More than 76k people sign petition to stop Brent Council ‘forcing’ war veteran into a care home
- Credit: Archant
Thousands of people have pledged their support for a 96-year-old war veteran who faces being forced into a care home because of a funding row with Brent Council.
In February, the Times highlighted the plight of Robert Clark, one of the country’s oldest prisoner of war survivors, who is battling to stay in his home of 50 years after the town hall refused to increase the funding he needs for a live-in carer.
The council claimed they were unable to do so because of current legislation and the levels of government funding and support.
For the last two years, Mr Clarke, who is registered blind, deaf in one ear and has severe mobility problems leaving him dependent on a wheelchair, has used his £50,000 life-savings to pay towards a £960-a week live-in carer.
Brent Council provide £350 a week and Mr Clark has made up the shortfall but his savings have dwindled away and with the local authority refusing to increase their contribution he could be forced out of his home.
Last month, campaign group 38 degrees launched a petition calling for Brent Council to do a u-turn which 76,000 people have signed to date.
Mike Clarke has been battling with the council to make a provision for his father.
- 1 Victim speaks out after Hampstead machete robbery
- 2 'Predator' acted as masseur to assault women
- 3 Dramatic Dieng equaliser sums up 'crazy game' for QPR boss Beale
- 4 Goalkeeper Dieng nets late equaliser to save QPR at Sunderland
- 5 Brent tenant 'distressed' at housing waiting list change
- 6 Man shot in his heart outside Queen's Park flats named
- 7 Coldplay at Wembley Stadium: Setlist and photos
- 8 New Kilburn mural to highlight borough's cultural heritage
- 9 Harlesden bar's licence suspended following fights and noise
- 10 London among areas where drought is declared
He told the Times: “We have 76,000 people who are calling for the council to look at my father’s case as an individual and they are refusing point blank.
“My father fought for democracy and this is the one thing which Brent is failing to provide. We have thousands of people calling for them to treat my father as a special case and they refuse to sit down and discuss the matter with me.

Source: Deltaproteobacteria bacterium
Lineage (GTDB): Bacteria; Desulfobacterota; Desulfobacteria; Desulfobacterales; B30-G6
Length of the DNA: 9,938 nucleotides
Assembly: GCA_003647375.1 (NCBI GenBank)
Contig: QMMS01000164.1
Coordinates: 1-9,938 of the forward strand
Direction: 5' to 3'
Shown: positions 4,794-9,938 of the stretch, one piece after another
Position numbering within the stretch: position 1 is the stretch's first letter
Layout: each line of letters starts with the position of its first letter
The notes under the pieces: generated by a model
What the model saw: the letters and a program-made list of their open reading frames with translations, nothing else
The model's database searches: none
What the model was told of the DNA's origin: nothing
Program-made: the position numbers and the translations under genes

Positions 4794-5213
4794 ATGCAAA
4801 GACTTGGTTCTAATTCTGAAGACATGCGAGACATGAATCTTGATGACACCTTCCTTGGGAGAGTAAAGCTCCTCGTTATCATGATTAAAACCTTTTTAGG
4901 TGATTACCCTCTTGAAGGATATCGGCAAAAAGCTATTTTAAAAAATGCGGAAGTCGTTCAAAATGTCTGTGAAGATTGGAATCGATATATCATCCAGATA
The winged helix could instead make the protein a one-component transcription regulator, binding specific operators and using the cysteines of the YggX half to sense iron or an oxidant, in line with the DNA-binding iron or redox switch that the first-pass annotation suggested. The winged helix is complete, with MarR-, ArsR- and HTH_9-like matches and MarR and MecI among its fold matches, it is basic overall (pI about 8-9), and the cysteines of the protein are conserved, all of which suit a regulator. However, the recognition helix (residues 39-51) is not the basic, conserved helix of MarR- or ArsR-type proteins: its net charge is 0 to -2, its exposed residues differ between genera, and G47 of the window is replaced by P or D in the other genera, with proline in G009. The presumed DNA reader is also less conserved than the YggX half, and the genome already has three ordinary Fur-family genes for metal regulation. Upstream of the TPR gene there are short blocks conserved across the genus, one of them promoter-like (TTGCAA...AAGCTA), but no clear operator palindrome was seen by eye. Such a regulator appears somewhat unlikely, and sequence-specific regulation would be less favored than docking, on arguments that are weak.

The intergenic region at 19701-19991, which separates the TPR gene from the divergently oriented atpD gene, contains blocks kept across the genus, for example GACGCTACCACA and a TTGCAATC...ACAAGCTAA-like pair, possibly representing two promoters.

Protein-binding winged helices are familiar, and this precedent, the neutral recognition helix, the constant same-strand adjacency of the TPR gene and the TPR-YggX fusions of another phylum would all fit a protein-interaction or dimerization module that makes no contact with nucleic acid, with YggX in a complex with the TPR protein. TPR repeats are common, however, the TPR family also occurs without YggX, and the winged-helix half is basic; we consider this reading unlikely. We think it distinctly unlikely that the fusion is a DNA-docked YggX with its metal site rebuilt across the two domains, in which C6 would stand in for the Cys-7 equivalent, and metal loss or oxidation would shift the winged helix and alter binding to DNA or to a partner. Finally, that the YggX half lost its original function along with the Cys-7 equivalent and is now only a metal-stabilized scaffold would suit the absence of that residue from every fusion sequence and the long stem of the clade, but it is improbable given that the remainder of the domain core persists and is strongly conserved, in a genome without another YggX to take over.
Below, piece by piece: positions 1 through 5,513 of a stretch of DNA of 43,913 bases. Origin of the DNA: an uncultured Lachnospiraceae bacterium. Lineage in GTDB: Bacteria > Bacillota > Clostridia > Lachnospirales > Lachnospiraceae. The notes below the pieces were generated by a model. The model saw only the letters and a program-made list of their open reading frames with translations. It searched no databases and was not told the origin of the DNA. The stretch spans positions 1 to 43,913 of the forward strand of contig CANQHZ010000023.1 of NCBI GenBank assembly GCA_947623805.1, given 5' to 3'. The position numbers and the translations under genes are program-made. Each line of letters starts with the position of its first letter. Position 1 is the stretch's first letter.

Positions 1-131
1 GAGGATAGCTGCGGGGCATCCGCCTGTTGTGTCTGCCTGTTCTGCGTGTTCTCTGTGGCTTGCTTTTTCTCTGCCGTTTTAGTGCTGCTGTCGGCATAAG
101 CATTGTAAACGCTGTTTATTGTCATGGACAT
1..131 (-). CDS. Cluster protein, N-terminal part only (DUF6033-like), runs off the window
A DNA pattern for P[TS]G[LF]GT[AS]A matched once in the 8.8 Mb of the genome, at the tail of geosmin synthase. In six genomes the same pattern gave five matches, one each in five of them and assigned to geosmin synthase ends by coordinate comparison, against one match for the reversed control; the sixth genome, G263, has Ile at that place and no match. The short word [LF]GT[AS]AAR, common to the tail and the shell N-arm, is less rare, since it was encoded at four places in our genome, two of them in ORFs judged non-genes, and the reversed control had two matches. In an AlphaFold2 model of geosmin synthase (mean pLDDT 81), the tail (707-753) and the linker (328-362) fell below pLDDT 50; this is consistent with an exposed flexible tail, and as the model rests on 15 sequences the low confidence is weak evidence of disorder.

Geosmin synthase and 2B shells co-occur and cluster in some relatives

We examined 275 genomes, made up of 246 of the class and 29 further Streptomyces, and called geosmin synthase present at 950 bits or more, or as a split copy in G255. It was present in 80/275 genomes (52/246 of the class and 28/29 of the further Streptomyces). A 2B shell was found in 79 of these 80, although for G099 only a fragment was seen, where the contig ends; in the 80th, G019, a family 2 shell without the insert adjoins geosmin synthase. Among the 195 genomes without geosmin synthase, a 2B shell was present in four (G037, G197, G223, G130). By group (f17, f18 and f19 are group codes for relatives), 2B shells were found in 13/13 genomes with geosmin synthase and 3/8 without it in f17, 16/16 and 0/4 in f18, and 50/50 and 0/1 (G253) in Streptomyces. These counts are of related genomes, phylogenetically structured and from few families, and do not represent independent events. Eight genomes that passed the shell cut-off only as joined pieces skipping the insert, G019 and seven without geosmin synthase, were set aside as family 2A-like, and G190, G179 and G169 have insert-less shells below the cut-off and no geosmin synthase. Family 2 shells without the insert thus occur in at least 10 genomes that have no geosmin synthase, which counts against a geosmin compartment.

“This is causing my father to be very anxious and he is unable to sleep.
“We have enough money to pay for around three more months of care but we have no idea what is going to happen after.
“We are not looking for a lot of money just for the council to do the right thing.
“More than 76,000 people can’t be wrong; the council should take a lead and provide the funding.”
Phil Porter, Brent Council’s strategic director of adult social care, said: “Mr Clark owns his home, so there is absolutely no question of Brent Council evicting him despite what has been suggested in this petition.
“We recognise Mr Clark’s contribution to this country and sincerely empathise with the situation that he and other older people like him across the UK are in. However, the problem arises as the care package that Mr Clark is choosing is not affordable to council taxpayers given the constraints of local government funding and the need to be consistent for the 2,900 people we support.
“The council had assessed Mr Clark’s social care needs, and believe they can be met for £451 per week or £23,000 a year. National legislation means that anyone eligible for social care is subject to a financial assessment, which is designed to ensure that people who cannot afford to pay, do not pay.
“Both of these assessments are subject to review as an individual’s social care needs and financial position change.
“We have been working very closely with Mr Clark and his family for a number of years now, and will continue to do so. We want to find a solution which meets his eligible social care needs, provides value for money for the taxpayer, but also reflects the choices he has made and the additional cost this creates. For example, we have offered support and advice to help him to buy the additional care and support he wants at a competitive price, we are supporting an application for health funding to meet his health needs, and we have offered a deferred payment which means he doesn’t need to sell his house to pay for his care.
“There is a safety net for Mr Clark, and other people in similar situations, but if anyone chooses care over and above what we are able to offer, then they need to contribute towards that additional cost from their own resources.
“The reality is that councils need to act within the constraints of national funding which requires us to meet people’s social care needs in a way that also offers value for money for the taxpayer.”
To sign the petition visit here.
Supporters have set up a crowd fundraising page to help Mr Clark for more information visit gofundme.com/l7vuio.